In a paper entitled “Mechanical performance of polymer powder bed fused objects – FEM simulation and verification,” a group of researchers discusses the importance of accommodating anisotropic behavior in 3D printed objects. Geometrical optimization is needed so that the object meets pre-set strength and quality requirements. For the study, a material description for polymer powder bed fused or selective laser sintered PA12 was investigated using the Finite Element Method (FEM).
Test specimens in the shape of dumbbells or dog bones were 3D printed, and material tests were carried out. The model was then used to simulate and predict the mechanical performance of SLS 3D printed lower leg prosthetic components: a pylon and a support.
“It was found that the FEM simulations, together with the Material Model, gave good estimations for the location of a failure and its load,” the researchers state. “It was also noted that there were significant variations among individual SLS printed test specimens, which impacted on the material parameters and the FEM simulations. Hence, to enable reliable FEM simulations for the designing of 3D printed products, better control of the SLS process with regards to porosity, pore morphology and pore distribution is needed.”
Two parts of a lower leg prosthesis were 3D printed: a pylon and a support. For the FEM analysis, ANSYS software was used. Topology optimization was carried out to find the optimal geometry of the two parts.
“For topology optimisation, the two load cases were created and linked to a topology optimisation module,” the researchers explain. “Since the topology optimiser cannot handle non-linear effects, the behaviour of the linear elastic anisotropic material together with the analysis of the small deflections was used in this stage. The goal of the optimisation was set to minimise the mass.”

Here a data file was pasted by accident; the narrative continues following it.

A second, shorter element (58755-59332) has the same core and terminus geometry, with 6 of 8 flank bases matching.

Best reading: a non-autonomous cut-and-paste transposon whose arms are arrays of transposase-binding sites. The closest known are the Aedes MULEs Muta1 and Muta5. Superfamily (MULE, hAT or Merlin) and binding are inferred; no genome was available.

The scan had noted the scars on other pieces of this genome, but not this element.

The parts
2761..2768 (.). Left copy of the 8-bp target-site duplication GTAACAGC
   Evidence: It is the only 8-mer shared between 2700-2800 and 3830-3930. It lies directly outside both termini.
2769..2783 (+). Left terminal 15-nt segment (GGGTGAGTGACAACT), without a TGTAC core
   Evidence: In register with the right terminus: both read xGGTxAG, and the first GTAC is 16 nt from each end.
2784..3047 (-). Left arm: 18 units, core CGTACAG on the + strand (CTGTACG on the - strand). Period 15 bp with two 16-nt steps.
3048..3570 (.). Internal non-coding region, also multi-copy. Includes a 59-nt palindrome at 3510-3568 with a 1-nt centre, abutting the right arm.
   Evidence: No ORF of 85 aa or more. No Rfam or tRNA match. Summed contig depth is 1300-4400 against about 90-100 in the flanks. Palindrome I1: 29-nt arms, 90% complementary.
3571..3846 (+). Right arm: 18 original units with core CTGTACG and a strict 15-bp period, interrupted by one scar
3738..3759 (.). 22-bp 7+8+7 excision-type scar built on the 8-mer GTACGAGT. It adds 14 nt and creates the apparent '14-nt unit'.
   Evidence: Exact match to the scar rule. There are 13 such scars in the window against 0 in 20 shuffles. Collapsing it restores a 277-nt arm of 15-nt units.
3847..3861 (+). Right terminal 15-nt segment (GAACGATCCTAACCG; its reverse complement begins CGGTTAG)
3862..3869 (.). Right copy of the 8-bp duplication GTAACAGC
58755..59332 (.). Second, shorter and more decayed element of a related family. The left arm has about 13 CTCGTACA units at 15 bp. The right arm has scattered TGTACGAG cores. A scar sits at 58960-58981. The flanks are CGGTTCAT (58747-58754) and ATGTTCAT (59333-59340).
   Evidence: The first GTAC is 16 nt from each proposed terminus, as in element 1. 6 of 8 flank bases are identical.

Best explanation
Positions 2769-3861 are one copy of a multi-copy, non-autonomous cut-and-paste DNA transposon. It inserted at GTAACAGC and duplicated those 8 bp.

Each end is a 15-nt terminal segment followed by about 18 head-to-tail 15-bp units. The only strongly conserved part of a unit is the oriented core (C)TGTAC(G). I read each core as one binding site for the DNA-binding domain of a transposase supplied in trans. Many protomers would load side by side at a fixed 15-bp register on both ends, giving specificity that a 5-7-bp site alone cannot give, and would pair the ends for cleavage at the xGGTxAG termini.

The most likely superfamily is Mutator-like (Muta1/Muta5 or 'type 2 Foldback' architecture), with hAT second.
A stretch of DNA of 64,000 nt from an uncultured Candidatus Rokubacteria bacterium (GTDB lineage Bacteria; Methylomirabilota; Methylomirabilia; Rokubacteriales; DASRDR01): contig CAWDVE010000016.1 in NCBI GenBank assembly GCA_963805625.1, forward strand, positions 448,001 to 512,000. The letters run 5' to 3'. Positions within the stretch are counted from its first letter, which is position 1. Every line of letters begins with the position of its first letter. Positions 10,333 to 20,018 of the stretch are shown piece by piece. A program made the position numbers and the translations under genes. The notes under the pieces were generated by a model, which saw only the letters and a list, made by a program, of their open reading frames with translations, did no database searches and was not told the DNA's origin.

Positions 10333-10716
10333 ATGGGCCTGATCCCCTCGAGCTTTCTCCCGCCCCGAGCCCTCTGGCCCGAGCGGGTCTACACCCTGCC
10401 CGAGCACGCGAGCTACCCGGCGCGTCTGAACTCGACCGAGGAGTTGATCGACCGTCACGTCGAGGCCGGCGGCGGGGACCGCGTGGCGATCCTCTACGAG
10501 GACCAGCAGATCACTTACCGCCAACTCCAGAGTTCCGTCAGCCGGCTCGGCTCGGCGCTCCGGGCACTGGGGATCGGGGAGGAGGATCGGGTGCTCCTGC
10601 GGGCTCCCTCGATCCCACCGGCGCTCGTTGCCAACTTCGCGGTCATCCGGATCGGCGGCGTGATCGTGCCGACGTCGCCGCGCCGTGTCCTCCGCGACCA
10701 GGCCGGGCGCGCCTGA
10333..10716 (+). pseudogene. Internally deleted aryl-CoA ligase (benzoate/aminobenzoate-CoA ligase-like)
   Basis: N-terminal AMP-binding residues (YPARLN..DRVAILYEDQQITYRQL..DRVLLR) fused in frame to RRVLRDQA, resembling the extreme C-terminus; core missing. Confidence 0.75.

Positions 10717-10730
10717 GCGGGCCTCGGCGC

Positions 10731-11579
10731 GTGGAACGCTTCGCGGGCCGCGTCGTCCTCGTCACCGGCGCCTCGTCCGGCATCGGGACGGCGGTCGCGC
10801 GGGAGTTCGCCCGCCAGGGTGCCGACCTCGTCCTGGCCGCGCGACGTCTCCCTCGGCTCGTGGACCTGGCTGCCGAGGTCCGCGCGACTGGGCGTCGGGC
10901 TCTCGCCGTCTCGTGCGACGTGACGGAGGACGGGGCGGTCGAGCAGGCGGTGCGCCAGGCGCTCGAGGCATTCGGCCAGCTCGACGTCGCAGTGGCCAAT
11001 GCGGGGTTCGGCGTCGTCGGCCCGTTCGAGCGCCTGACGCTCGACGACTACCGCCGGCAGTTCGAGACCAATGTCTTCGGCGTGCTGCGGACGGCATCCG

The pylon was investigated first, and was then tested in load case II, according to an ISO standard. The test results were compared with the FEM simulations. The second object investigated was the support. FEM analyses and the optimization of two different designs were carried out: topology optimisation for the vertical and horizontal printing directions of a support with a wall thickness of 7 mm, and shape optimisation of the wall and base thickness of the support printed vertically, based on the existing geometry.
The pylons were horizontally and vertically 3D printed and tested in load case II, combining compression with the bending and twisting of each part. The test results were compared with the FEM simulations, and the two corresponded well. The supports were then tested and the results compared to the FEM simulations.
“It was shown that the Material Model gave a good prediction of the location of a failure and it even yielded reasonable estimates of the loads at failure when tested, according to ISO Standards. Hence, an FEM simulation can be a useful tool, when it comes to the optimal design of 3D printed objects and in predicting how they perform mechanically,” the researchers conclude. “Nevertheless, it needs to be considered that there may be large variations among 3D printed pieces, including dog bones, from which the mechanical properties were obtained or derived. The variations in the material properties (inputs to FEM simulation), e.g. Young’s modulus, yield limit and tensile strength etc., could possibly make an FEM simulation less reliable. Therefore, it is essential to have better control of the 3D printing process, which leads to reduced porosity and a variation in the 3D printed objects, in order for an FEM simulation of 3D printed objects to be reliable.”
Authors of the paper include Anders Linberg, Johan Alfthan, Henrik Pettersson, Göran Flodberg and Li Yang.
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